Revivalists often find themselves in a similar position as the Roman church. Most of us came from evangelical backgrounds; our churches were started by others, but then the torch of authority was passed to us when we received the revelation. Therefore, we often imagine ourselves to be in the position of the Gentiles, needing to welcome believing Jews and reformed evangelicals back into the fold. However, I would propose that more often we are actually in the position of the Jews, needing to be convicted of the prideful assumption that we hold the key to God’s Spirit.
Since we have all experienced the baptism of the Holy Spirit, it is easy for those of us in revival to assume that we have unlocked a deep secret. Because we exhibit apostolic authority in healing and miracles, we imagine ourselves to be the Apostles, with the unique ability to interpret the true mysteries of the Kingdom of God. Our methods become a magic formula to release revival; like Jewish exorcists of old, we are believed to be the only ones who can correctly pronounce the name of the LORD and expel the demons of religion. And suddenly church is no longer about discovering God’s will, but instead about imposing our order of service on others. Churches must do things our way, or they cannot expect to receive or maintain revival. Our manifestations become our circumcision.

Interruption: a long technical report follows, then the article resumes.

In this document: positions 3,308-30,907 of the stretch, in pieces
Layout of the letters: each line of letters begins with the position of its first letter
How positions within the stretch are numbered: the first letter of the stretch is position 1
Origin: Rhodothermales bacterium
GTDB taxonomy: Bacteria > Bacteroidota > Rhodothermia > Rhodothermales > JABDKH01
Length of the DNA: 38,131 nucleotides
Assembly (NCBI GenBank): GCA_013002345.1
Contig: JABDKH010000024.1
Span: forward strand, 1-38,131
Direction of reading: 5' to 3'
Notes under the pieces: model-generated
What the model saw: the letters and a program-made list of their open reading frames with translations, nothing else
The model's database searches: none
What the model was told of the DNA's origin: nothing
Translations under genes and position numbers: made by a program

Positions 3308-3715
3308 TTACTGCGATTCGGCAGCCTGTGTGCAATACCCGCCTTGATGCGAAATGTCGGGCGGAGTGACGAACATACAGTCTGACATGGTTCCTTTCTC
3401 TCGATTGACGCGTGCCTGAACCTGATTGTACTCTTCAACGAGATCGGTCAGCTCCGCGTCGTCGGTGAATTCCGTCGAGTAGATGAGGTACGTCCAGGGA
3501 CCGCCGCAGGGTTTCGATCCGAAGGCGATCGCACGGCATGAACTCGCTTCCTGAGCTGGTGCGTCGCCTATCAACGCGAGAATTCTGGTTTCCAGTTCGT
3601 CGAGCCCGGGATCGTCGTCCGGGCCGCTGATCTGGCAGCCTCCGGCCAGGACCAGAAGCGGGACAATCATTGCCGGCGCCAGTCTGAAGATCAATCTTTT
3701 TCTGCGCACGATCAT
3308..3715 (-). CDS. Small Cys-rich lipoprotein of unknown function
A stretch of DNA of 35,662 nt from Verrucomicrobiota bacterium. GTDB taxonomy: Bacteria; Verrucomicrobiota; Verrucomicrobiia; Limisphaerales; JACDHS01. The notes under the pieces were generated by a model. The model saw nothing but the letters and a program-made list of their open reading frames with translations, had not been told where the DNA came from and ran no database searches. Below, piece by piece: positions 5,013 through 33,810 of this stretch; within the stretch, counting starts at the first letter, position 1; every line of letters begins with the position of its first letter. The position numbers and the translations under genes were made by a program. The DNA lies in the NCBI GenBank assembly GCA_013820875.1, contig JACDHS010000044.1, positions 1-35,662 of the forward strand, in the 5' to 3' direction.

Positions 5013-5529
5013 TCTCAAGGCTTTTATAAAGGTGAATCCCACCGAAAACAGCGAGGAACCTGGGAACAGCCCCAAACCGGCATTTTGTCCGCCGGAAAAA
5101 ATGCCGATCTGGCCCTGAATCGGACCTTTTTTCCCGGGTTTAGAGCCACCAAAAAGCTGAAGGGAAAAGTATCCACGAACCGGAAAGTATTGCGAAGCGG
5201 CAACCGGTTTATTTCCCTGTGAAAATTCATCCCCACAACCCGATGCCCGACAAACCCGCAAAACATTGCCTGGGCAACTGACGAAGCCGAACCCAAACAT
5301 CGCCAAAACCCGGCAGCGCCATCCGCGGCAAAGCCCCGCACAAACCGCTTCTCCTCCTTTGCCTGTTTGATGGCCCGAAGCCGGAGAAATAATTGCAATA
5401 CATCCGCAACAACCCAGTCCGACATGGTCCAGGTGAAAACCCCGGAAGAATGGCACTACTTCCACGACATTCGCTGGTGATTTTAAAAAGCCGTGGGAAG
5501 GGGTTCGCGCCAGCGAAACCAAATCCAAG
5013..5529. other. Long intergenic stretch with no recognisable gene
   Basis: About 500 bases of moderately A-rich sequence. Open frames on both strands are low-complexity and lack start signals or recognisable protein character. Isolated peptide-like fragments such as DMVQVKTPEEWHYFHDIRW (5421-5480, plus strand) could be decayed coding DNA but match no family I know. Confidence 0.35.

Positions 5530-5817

And suddenly we realize that Paul’s exposition on the faith of Abraham (ch.4) wasn’t written just to convince the Jews that Gentiles could receive the promise; it was also written to remind us that our salvation is a free gift of God’s grace, not the wages of our efforts in revival.
“Now think: Was that declaration made before or after he was marked by the covenant rite of circumcision? That’s right, before he was marked. That means that he underwent circumcision as evidence and confirmation of what God had done long before to bring him into this acceptable standing with himself, an act of God he had embraced with his whole life.” (Romans 4:10-11 MSG)
Just as the Jews are not sanctified by the Law, we are not sanctified by revival. For a Jew, following the Law is an outpouring of their belief to God; their belief justified them, and following the Law is a demonstration of gratitude. When they make the Law the reason for their justification, they neither love God nor are justified. In the same way, we were saved by grace before we were in revival. The gift of the Holy Spirit is the mark of our adoption, and our continued efforts to serve Him, understand the Scriptures, and live according to His original intent are an outpouring of our faith in Him. But when we make revival the system that saves us, it becomes just that—a system of pride, devoid of life.